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Valencia v. Merck & Co.


October 16, 2009


The opinion of the court was delivered by: Oliver W. Wanger United States District Judge



Defendants Merck & Co., Inc., Amsted Industries, Inc., Baltimore Aircoil Co., Inc., and Track Four, Inc. (collectively "the BAC Defendants") move to dismiss the eighteenth claim for relief, entitled "Fraud and Deceit," in Plaintiffs' sixth amended complaint ("SAC"). The BAC Defendants also move to dismiss Plaintiffs' nineteenth claim for conspiracy to the extent it is based on fraud or concealment and to strike from Plaintiffs' conspiracy claims paragraphs 280 and 281, which allege fraud and concealment.

The BAC Defendants argue:

(1) That the fraud claims in the eighteenth and nineteenth causes of action fail to satisfy the pleading requirements of Federal Rule of Civil Procedure 9(b) because the SAC fails to allege:

(a) that any individual Plaintiff read or heard any of the allegedly fraudulent statements; or

(b) that he or she took any specific action in reliance on the allegedly fraudulent statements; and

(2) That Plaintiffs have not alleged facts sufficient to demonstrate a duty of disclosure owed by the BAC to any Plaintiff.


Rule 9(b) requires that, in all averments of fraud, the circumstances constituting fraud be stated with particularity. One of the purposes behind Rule 9(b)'s heightened pleading requirement is to put defendants on notice of the specific fraudulent conduct in order to enable them to adequately defend against such allegations. See In re Stac Elec. Litig ., 89 F.3d 1399, 1405 (9th Cir. 1996). Further, Rule 9(b) serves "to deter the filing of complaints as a pretext for the discovery of unknown wrongs, to protect [defendants] from the harm that comes from being subject to fraud charges, and to prohibit plaintiffs from unilaterally imposing upon the court, the parties and society enormous social and economic costs absent some factual basis." Id (internal citations and quotations omitted).

As a general rule, fraud allegations must state "the time, place, and specific content of the false representations as well as the identities of the parties to the misrepresentation." Schreiber Distrib. v. Serv-Well Furniture Co.., 806 F.2d 1393, 1401 (9th Cir. 1986). In other words, an allegation of fraud must describe the "who, what, when, where, and how" of the alleged misconduct." Cooper v. Picket , 137 F.3d 616, 627 (9th Cir. 1997).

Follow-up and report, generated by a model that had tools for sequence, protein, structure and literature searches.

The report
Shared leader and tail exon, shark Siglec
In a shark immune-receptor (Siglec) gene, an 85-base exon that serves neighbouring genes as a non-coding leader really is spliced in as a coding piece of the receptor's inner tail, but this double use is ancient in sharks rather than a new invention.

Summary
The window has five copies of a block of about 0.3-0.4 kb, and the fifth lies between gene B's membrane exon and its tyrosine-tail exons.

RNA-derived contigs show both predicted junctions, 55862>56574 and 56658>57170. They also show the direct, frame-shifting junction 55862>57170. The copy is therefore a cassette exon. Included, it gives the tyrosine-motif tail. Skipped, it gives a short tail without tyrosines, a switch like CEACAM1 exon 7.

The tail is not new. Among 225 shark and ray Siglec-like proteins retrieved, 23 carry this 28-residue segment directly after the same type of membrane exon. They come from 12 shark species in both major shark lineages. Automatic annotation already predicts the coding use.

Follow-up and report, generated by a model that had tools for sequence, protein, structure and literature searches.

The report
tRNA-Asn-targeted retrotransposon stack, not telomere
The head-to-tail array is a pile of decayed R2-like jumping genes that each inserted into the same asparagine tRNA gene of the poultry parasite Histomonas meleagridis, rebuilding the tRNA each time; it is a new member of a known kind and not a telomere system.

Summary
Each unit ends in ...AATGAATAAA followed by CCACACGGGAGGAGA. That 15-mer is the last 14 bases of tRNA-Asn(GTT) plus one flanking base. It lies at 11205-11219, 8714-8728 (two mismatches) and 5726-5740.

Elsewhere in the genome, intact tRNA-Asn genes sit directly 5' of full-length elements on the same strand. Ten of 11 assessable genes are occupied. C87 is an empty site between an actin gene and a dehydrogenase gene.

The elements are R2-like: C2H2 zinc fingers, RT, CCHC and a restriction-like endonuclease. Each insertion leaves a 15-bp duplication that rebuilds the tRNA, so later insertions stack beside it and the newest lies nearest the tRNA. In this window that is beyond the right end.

A. Duty to Disclose

The twenty-third claim in Plaintiffs' fifth amended complaint "FAC," entitled "Civil Conspiracy," was dismissed with leave to amend on May 18, 2009. Doc. 419. Acknowledging "[a] long line of cases establishes that there is no independent cause of action for civil conspiracy under California Law," the ruling held that "Plaintiffs may maintain a separate civil conspiracy count based upon [] incorporated allegations of nuisance and trespass." Id . at 12-14.

In addition, Plaintiffs attempted to base their conspiracy claim on allegedly fraudulent conduct. Id . at 14. Specifically, the FAC alleged that BAC Defendants conspired to "conceal and/or misrepresent the nature and extent of ... contamination emanating from the former BAC facility." FAC ¶295. Whether such an allegation raises fraudulent misrepresentation or fraudulent concealment, Plaintiffs must comply with the requirements of Federal Rule of Civil Procedure 9(b). Doc. 419 at 14. Because Plaintiffs "appear[ed] to restrict their argument to fraudulent concealment," Plaintiffs "must allege that the BAC Defendants had a duty to disclose the allegedly concealed facts to the plaintiffs." Id . at 14-15 (citing Hahn v. Mirda , 147 Cal. App. 4th Cal. App. 4th 740, 745 (2007)).

Plaintiffs cited no authority for their claims that because "the BAC Defendants had a duty to disclose to the Regional Water Quality Control Board ('Regional Board') all relevant factual information necessary for the Regional Board to adequately oversee the remediation of this contamination site," this duty "reasonably extends" to Plaintiffs." Doc. 419 at 19-21. Plaintiffs' alternative contention was also rejected, namely "that a special relationship existed between the residents located within a mile of the BAC facility (of which plaintiffs' herein are included) and the BAC defendants ... demonstrated [by] the fact that the Regional Board instructed the BAC defendants to send out 'Fact Sheets' related to the contamination and designated that [these] be sent out to the residents living within a one mile radius of the facility." Id . at 21. Plaintiffs made "absolutely no mention of any duty to disclose on the part of the BAC Defendants" in the FAC. Id . at 22.